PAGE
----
Munich The Beating Heart of Europe


Long regarded as Germany’s most beautiful city, Munich was voted the world’s most liveable city by Monocle Magazine in 2010. It’s easy to see why. It has an agreeable climate — warm from May to September, but never oppressively so. The hottest months are July and August with daytime temperatures in the mid twenties It’s near the Bavarian Alps, so it’s a popular base for winter ski holidays. Around Christmas, its fairytale weinachtsmarts (Christmas markets) enchant thousands of visitors, young and old. In autumn, the world-famous annual beer festival the Oktoberfest — takes place.
The Munich Oktoberfest —the world’s largest festival is a two-week celebration of Bavarian culture that attracts five million visitors each year. It runs from mid Se pt ember to the first Sunday or Monday of October (the dates vary by a day or two from year to year). The 2011 festival starts on September 17th and ends on October 3rd. It promises a fabulous carnival of street entertainment, traditional Bavarian food and, of course, beer. But be careful with the beer; much of it has a higher alcohol content during the festival.
Munich’swide colourful boulevards and its classic Bavarian buildings make it one of the most pleasant cities just to saunter around. The shopping is equal to the best in Europe with fashionable big stores offering huge selections and trendy boutiques with a distinctly Bavarian ambiance. Fabulous restaurants nestle around every corner with fare to suit every pocket and taste. Convivial beer cellars serve tasty wurst (German sausage) with cool beer, while romantic candle-lit bistros offer succulent local and international cuisine with the finest wine.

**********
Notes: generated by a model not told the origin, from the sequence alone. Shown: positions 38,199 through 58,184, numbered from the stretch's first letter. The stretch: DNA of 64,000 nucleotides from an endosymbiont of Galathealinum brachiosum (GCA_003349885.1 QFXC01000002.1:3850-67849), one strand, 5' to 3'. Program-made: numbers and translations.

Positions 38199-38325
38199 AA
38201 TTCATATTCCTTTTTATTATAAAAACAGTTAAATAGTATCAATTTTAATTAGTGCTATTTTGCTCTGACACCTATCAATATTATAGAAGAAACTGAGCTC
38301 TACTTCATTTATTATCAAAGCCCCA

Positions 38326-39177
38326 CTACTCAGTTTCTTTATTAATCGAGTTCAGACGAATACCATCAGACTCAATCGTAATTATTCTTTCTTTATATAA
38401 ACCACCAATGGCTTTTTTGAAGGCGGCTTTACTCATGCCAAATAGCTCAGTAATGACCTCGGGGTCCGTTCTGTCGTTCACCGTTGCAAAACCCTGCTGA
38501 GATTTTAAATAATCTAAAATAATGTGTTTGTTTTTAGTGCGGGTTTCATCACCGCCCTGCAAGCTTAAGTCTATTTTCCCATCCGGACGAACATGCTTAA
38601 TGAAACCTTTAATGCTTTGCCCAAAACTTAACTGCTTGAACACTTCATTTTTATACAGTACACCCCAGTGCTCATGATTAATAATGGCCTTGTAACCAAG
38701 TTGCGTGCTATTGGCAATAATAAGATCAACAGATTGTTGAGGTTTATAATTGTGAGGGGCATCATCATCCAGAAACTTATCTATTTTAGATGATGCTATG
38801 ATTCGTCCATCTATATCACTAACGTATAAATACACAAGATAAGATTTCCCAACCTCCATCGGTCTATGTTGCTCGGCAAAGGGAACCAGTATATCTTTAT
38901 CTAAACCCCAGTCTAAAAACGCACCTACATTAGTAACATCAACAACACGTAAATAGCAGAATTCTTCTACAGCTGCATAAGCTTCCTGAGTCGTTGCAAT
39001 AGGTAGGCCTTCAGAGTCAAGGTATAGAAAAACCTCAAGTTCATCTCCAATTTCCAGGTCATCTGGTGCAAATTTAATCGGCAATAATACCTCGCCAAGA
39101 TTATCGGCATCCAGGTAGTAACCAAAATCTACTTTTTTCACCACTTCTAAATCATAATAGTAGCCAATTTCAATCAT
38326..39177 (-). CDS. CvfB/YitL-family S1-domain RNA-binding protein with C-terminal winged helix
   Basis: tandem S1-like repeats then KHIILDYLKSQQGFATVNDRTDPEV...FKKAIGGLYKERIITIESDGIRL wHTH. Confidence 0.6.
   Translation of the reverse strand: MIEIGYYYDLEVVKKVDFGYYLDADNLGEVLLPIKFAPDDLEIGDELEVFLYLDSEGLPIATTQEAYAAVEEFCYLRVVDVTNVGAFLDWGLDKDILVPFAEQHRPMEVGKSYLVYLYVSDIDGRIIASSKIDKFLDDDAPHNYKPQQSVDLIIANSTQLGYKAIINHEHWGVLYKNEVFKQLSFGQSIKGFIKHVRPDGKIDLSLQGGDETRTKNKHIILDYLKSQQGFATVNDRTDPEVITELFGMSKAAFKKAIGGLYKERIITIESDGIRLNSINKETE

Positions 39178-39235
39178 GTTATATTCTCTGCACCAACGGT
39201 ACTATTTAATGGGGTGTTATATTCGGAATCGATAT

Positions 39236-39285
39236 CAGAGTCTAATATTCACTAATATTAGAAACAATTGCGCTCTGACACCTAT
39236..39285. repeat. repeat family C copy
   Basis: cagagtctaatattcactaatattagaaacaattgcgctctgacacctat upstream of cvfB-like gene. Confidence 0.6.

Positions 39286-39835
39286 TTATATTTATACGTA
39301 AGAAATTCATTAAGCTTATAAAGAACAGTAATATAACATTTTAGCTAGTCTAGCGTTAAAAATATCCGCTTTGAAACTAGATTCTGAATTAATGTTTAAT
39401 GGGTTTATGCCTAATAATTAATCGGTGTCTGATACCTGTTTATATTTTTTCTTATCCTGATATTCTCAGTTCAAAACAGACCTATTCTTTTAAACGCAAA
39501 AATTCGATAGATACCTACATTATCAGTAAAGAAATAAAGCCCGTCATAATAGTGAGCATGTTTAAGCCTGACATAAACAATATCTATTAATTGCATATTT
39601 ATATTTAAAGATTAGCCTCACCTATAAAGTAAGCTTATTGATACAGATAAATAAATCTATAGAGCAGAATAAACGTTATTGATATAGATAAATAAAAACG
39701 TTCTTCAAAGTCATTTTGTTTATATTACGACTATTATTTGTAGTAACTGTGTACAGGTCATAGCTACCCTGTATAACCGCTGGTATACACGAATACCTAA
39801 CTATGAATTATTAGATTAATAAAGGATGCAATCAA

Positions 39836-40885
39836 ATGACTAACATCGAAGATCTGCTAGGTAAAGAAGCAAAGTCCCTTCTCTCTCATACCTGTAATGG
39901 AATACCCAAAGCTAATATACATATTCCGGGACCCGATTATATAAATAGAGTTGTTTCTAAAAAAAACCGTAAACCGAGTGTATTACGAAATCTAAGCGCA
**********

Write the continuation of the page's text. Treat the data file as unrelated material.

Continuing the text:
Things to do and places to see:

Das Neues Rathaus and the Glockenspiel

Das Neues Rathaus (The New Town Hall) is an impressive,  highlyomate building that dates from the late century. It dominates the Marienplatz,though in noway visually overwhelms it. Rather, it lends it a dignified, cultural air,  especially when the famous glockenspiel plays; on an elevated stage at the front of one of the towers, life-size puppets re-enact historical Bavarian events at 11a.m. each day (as well as at noon and 5 p.m. in summer).


One of the oldest beer halls in Munich, the Hofbrauhaus was founded in 1589 by the Duke of Bavaria, Wilhelm V. It’s one of Munich’s most popular tourist attractions and is well worth a visit because of its history, its spectacular interior and, not least, its beer. Over the centuries, the beer hall had many famous patrons, including Wolfgang Amadeus Mozart who lived around the corner, and Vladimir Lenin. In 1919, the Munich Communist Party held meetings there and Adolf Hitler, who had painted a watercolour of the building before he became involved in politics, held the first meeting of the National Socialists Party there in 1920.

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